It must have seemed like a simple mistake at first when a baby dolphin swam into the line of a crab trap. But when she couldn’t free herself and her mother felt that there was nothing that could be done, this baby dolphin was stranded in an entanglement of lines cutting off the circulation to her tail. Most trapped dolphins do not survive, but this fighter overcame her odds despite losing her deteriorated tail. The Clearwater Marine Aquarium (CMA) rescued the two-month-old, naming her “Winter,” and taught her to swim on her own without her tail. She was later acclimated to the use of a prosthetic tail and became the star of two Dolphin Tale movies filmed on site. Winter can never be released into the wild because she was found as a baby and never learned from her mother how to find food on her own. A dolphin typically spends the first seven years of its life imitating the habits of the mother. Winter’s story is one of Clearwater Marine Aquarium’s most famous, but it is by no means an unusual one.
Left: Winter’s friend, Hope, rescued as a baby
Right: Hope and Winter, without prosthetic, swimming
All of the marine animals at CMA are either temporary or permanent residents in rehabilitation with stories of their own. They are not on display for public entertainment but are being treated for breaching, fishing accidents, and various diseases with the goal that they can be released back into their natural environments if they are able to. The mission of this non-profit 501 (c) (3) organization is to “preserve our environment while inspiring the human spirit through leadership in the rescue, rehabilitation, and release of marine life; environmental education; research; and conservation.” The aquarium focuses on the needs of its residents instead of solely catering to its visitors.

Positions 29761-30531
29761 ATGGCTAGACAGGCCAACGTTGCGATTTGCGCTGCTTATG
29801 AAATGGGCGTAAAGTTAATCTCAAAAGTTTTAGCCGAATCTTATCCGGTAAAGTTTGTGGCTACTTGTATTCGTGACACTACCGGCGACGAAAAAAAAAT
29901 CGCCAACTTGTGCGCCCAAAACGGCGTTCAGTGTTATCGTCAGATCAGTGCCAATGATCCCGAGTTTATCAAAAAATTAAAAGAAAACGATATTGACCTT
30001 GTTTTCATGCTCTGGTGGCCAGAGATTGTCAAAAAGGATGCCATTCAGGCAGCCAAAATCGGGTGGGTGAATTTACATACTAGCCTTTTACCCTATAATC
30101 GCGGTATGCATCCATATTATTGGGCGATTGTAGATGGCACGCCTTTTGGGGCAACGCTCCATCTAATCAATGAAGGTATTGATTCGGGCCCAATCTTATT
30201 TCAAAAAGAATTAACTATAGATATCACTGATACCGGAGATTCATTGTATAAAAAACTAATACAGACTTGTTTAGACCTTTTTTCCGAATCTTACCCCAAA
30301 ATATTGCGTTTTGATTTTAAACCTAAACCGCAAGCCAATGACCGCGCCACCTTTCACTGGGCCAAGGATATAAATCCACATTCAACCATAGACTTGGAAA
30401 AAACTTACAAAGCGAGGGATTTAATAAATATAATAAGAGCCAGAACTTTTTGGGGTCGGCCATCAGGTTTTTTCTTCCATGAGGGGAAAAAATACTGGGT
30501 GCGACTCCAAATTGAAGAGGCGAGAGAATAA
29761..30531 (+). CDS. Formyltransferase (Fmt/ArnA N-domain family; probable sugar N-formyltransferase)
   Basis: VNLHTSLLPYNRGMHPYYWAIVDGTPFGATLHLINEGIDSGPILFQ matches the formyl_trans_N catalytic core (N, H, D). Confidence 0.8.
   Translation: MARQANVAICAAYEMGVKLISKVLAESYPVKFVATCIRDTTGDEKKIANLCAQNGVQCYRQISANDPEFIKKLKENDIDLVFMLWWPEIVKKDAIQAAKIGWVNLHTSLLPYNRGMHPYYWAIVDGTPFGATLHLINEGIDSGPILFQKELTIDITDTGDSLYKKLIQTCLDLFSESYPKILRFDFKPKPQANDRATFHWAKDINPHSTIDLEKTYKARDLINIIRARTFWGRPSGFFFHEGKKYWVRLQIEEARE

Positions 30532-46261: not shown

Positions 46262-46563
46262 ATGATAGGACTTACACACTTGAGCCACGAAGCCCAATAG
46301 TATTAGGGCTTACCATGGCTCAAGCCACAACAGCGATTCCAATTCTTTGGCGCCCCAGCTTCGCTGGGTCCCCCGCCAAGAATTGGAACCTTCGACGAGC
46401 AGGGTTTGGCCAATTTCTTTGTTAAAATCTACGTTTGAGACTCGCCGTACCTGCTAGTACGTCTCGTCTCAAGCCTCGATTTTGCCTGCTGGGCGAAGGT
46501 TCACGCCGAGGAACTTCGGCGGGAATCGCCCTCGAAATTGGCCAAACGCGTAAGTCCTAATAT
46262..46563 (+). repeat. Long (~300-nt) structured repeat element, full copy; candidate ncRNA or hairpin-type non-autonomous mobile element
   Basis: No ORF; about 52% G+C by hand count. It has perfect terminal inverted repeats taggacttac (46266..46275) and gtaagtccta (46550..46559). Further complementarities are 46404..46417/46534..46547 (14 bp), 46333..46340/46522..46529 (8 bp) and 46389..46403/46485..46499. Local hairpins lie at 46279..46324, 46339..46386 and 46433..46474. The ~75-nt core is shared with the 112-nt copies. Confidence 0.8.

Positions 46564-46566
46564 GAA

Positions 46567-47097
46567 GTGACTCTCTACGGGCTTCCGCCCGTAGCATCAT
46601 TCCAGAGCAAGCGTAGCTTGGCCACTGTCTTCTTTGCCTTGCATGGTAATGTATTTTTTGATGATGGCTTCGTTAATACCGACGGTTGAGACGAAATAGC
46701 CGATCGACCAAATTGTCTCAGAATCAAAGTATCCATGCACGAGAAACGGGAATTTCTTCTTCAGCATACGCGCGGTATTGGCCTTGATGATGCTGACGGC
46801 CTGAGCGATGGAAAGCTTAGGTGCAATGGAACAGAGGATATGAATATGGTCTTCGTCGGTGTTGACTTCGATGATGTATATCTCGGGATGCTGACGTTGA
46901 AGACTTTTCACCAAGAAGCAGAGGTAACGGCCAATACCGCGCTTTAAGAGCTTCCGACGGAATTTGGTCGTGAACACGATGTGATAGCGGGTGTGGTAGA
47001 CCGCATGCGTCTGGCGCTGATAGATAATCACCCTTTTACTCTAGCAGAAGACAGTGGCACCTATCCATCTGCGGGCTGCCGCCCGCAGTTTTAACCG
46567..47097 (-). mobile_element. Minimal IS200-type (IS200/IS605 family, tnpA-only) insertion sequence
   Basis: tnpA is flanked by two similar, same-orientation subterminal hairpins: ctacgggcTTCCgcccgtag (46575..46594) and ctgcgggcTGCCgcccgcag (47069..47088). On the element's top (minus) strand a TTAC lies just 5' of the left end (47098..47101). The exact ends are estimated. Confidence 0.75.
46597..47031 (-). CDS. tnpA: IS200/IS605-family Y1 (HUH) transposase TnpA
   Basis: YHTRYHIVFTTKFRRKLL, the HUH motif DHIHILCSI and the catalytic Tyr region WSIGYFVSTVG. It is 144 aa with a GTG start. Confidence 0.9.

Aquarium visitors can see evidence of this mission by viewing marine life from a set distance in habitats where the animals choose their level of visibility. It is not a zoo or theme park attraction where animals perform tricks at live shows and circle in tanks close to peering eyes. The educational presentations at CMA are led while animals are feeding or exercising for their own benefit with their animal care specialists. Animals are treated with respect and only live at the aquarium for as long as it is necessary for their well-being, with some animals living at CMA as permanent residents.
Among Clearwater Aquarium’s specialized services includes the Sea Turtle Intensive Care Unit were turtles are treated for swallowing fish hooks, surviving boat strikes, or developing Fibropapilloma tumors. “Nacho,” a juvenile green sea turtle was one of these turtles found in Daytona, FL encrusted with barnacles and developing a tumor near his front flipper. After recovering from surgery and rehab for a few months, he was released with fellow turtles “Parmesan” and “Whiz” on July 27, 2018, off the west coast. The Sea Turtle Conservancy has partnered with CMA in the research of released sea turtles by tracking their nesting migration in the Tour de Turtles until the satellite tags fall off their shells after a few months.
Photo: Screenshot of Tour de Turtles live feed of Kali’s migration
The animals’ rehabilitation stories reflect the human condition of survival, overcoming obstacles, and fully experiencing life. Clearwater Marine Aquarium has connected with families sharing their own inspirational stories including children who are adopted, disabled, or have been amputated just like Winter the dolphin. While Winter swims much differently than her fellow dolphin, Hope, she is just as playful and even more inspiring.
Animals are meant to be wild and free in a clean environment. It is heartbreaking to realize that many of the injuries these animals suffered were caused by humans through fishing practices and polluted waters. Conserving these species is dependent on us caring a little more about our environment by keeping the natural world clean, recycling, and promoting environmental laws that protect animals.
Photo: Tour de Turtles, “Xeno” re-entering the ocean